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Unofficial American intervention
The CIA, or at least informal American power interests, seemed to dive into the Swedish duck-pond to plummet around and create chaos. Unambiguous evidence is always difficult to present when it comes to interference from expansive intelligence services.
In any case, no denials have been made in the face of the allegation that preparations were closely followed from that point of view and during the June weeks efforts were made to divert and confuse unpleasant criticism, for example against the ongoing American war in Vietnam (one of the major environmental crimes of the day. was poured down over the Vietnamese forests to make it difficult for the guerrillas to move).
Although this did not succeed and this criticism came up both at the official conference (among others by the Swedish Prime Minister Olof Palme) and at the alternatives, various attempts were made.
One could e.g. scent this diversionary force behind a demonstration against the eradication of whales that was organized (in itself an important issue, but one of the few environmental problems where American interests were not involved) and behind the tent camp at Skarpnäck where the colony Hog Farm had been flown to spread dilute ”Love and Peace” message to the cannabis fumes.
The initiative created some confusion because hard-line Marxist forces used this interference to try to push the People’s Forum further to the left and only allow the participation of groups with a pronounced socialist profile. However, this was only partially successful, but created frustration and split during the course of this project.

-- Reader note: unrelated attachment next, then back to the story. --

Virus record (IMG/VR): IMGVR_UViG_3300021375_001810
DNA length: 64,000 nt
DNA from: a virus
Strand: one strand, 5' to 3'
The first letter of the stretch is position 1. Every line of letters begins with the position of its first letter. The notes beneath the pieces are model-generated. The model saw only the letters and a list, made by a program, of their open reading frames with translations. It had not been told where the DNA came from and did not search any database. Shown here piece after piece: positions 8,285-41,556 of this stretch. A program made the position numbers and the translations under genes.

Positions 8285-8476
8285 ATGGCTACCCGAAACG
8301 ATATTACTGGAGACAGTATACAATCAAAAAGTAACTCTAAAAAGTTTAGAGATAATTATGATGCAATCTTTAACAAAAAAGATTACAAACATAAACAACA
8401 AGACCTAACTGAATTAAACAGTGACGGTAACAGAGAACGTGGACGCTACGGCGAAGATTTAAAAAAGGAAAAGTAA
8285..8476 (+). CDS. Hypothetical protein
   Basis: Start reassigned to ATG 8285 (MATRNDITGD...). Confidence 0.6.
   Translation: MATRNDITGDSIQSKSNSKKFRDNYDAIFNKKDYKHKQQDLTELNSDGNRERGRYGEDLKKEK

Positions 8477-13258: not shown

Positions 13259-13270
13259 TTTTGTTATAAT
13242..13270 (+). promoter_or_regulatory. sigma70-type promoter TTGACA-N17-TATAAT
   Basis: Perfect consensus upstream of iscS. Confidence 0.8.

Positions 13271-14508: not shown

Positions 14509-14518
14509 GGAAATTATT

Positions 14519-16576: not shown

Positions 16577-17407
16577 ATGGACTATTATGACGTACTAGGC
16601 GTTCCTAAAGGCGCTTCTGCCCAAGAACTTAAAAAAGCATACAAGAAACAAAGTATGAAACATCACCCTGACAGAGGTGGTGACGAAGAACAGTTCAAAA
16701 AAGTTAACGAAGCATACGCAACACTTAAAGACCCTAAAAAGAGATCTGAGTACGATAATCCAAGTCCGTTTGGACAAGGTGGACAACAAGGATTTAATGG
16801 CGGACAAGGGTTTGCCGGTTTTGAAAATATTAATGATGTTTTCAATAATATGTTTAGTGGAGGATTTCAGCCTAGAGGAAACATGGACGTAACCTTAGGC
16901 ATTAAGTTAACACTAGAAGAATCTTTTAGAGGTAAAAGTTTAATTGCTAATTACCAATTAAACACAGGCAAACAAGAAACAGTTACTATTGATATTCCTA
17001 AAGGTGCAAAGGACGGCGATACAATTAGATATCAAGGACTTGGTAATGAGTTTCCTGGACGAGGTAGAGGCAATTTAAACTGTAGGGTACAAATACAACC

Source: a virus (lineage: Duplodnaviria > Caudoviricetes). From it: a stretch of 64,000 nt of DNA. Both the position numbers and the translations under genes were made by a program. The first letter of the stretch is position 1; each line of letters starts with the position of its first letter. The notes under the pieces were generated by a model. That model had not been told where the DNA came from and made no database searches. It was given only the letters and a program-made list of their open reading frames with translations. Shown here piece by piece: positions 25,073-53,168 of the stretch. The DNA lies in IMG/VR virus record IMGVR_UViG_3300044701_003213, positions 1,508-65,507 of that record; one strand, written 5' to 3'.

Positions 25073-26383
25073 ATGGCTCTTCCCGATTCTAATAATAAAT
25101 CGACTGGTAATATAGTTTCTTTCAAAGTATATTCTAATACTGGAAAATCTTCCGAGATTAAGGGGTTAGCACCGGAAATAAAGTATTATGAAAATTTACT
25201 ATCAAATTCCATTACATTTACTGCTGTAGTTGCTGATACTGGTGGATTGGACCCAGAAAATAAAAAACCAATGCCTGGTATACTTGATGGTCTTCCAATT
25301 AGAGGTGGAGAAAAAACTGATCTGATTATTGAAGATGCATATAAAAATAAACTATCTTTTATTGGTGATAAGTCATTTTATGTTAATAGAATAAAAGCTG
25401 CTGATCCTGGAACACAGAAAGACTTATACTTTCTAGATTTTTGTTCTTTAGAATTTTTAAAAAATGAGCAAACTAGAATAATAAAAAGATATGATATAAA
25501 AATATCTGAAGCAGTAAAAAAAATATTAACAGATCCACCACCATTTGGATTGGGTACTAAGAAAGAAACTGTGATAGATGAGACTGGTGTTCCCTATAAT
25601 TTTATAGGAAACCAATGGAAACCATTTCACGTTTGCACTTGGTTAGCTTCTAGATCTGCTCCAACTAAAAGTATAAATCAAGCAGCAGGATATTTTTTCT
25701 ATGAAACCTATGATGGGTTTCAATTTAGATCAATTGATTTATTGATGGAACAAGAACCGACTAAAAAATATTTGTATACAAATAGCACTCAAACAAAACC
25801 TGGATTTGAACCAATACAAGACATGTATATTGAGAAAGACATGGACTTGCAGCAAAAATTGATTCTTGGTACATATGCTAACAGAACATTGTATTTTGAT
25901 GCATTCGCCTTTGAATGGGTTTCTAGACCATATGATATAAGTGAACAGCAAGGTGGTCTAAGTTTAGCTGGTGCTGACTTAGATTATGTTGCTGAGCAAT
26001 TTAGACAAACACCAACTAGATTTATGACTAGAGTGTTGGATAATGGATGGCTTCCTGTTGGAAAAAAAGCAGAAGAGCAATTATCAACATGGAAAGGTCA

Below: Hog farm activists at Skarpnäck field are courted by UN Conference Secretary General Maurice Strong
This whole picture included a circumstance that later became known, namely that one of the closest advisers to then-President Nixon, John Ehrlichman, was secretly in Stockholm to lead the operations, both in the official and in the alternative arenas.
This was an example of how international big politics had come to Stockholm these June weeks. Other circumstances were that the Soviet bloc boycotted the conference (due to West Germany being allowed to participate but not East Dito / GDR) and that the People's Republic of China just before the event became a member of the UN (before that only Taiwan).
The latter aroused some curiosity. The Chinese delegates were still some of the odd birds in the international crane dance, when they appeared in their Mao jackets and it was uncertain how they would act and vote, etc. They mainly joined the so-called 77 group<https://en.wikipedia.org/wiki/Group_of_77>, ie the Independents developing countries (today much larger and more heterogeneous). From there, the overarching theme – now and then – was that the environmental crisis was created by the early industrialized powers in the West and that this would not hinder the developing countries’ pursuit of decent living conditions.
which, however, did not obscure the view that, in parallel with
the UN conference, sharp alternatives to the environmental crisis
were formulated and a number of committed forces emerged that want
to push them further on a global stage.
A major mercury disaster in Japan was of great importance to the Japanese environmental movement, which was run by researchers and representatives came to Stockholm to tell.